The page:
On Tuesday, June 25, Ahmad Sultan—a past CLTC grantee and author of the report Improving Cybersecurity Awareness in Underserved Populations—appeared before a Congressional Homeland Security Subcommittee on Cybersecurity, Infrastructure Protection, and Innovation hearing on “Cybersecurity Challenges for State and Local Governments: Assessing How the Federal Government Can Help.”
Sultan was invited to share the findings outlined in his CLTC white paper, which highlights how ‘underserved’ residents in San Francisco—including low-income residents, seniors, and foreign language speakers—face higher-than-average risks of being victims of cyber attacks. The report was adapted from Sultan’s Master’s thesis at UC Berkeley’s Goldman School of Public Policy, “Cybersecurity Awareness for the Underserved Population of San Francisco,” which was funded by CLTC and commissioned by the City and County of San Francisco’s Committee on Information Technology.
In his opening remarks, Rep. Bennie G. Thompson, Chairman of the Subcommittee, alluded to Sultan’s research. “While we talk a lot about how automation might impact the workforce, we talk less about how poor cyber hygiene and low tech literacy can present a real economic barrier to entry,” Thompson said. “Right now, studies show that the most vulnerable and underserved among us—low-income, immigrants, and elderly populations—are the most likely to fall victim to an online scam or click the wrong link. These mistakes can be costly, especially for someone on the margins, and negative experiences like these may also lead many to steer clear of important online services like online banking, health management tools, or even email.”
Sultan sat on a panel that also included Keisha Lance Bottoms, Mayor of Atlanta, who oversaw the city’s response to a major ransomware attack in March 2018; Thomas Duffy, Senior Vice President of Operations and Chair of the Multi-State ISAC, Center for Internet Security; and Mr. Frank J. Cilluffo, Director of the McCrary Institute for Cyber and Critical Infrastructure Security at Auburn University.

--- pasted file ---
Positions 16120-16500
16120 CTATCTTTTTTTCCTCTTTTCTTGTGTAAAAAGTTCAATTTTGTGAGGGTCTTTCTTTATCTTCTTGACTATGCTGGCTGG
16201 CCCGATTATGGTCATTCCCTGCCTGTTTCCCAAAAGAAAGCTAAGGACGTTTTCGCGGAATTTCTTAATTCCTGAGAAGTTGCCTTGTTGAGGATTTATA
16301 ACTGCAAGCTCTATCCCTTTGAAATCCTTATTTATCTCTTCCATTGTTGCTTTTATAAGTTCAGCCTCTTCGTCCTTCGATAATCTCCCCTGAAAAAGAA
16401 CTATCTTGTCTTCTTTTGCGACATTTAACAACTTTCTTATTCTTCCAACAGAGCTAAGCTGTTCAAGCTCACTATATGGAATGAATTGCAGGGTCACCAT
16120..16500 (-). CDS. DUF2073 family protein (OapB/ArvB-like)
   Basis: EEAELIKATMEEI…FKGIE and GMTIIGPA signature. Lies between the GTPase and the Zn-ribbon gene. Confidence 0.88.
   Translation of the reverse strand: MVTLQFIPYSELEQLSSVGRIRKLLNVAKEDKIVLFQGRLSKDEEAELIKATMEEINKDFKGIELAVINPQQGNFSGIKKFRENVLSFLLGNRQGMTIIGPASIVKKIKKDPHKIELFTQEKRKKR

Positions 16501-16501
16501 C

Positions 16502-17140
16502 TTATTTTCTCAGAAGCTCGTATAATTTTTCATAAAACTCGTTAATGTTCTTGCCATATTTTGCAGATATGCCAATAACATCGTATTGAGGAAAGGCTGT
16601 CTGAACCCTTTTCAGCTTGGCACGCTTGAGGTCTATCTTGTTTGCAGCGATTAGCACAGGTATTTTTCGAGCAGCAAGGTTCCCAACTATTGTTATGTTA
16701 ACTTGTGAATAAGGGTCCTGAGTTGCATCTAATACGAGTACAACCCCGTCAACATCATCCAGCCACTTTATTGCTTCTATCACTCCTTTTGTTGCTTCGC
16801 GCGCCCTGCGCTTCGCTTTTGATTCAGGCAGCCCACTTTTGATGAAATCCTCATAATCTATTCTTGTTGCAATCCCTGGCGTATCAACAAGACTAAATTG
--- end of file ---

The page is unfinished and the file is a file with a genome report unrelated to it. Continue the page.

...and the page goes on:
In his testimony, Sultan spoke of the need to “reconcile the macro with the micro, reconciling government’s attempts to enhance national security with the plight of individuals and their struggle to use digital devices to improve social mobility.” He added that “we are replicating the same gender- and race-based patterns of inequality online that the existing social structures around us enforce offline. This inequality in outcomes is a form of market failure that governments need to correct.”
Offering his recommendations for policymakers, Sultan drew upon a parallel to public health and called on the federal government to provide support for state and city governments. “We need to pursue a holistic approach, where cybersecurity concerns are addressed at a societal level much like public health issues,” he said. “Promoting cyber hygiene through trainings, public service initiatives, and public-private partnerships can lead to significant gains in the lives of underserved populations, while protecting businesses and government systems from cyber threats. But to achieve these games state and local governments will require financial support and guidance from the federal government. It is my hope that policymakers recognize the challenges ahead and rise to the occasion.”
Watch the video of the hearing above or on YouTube.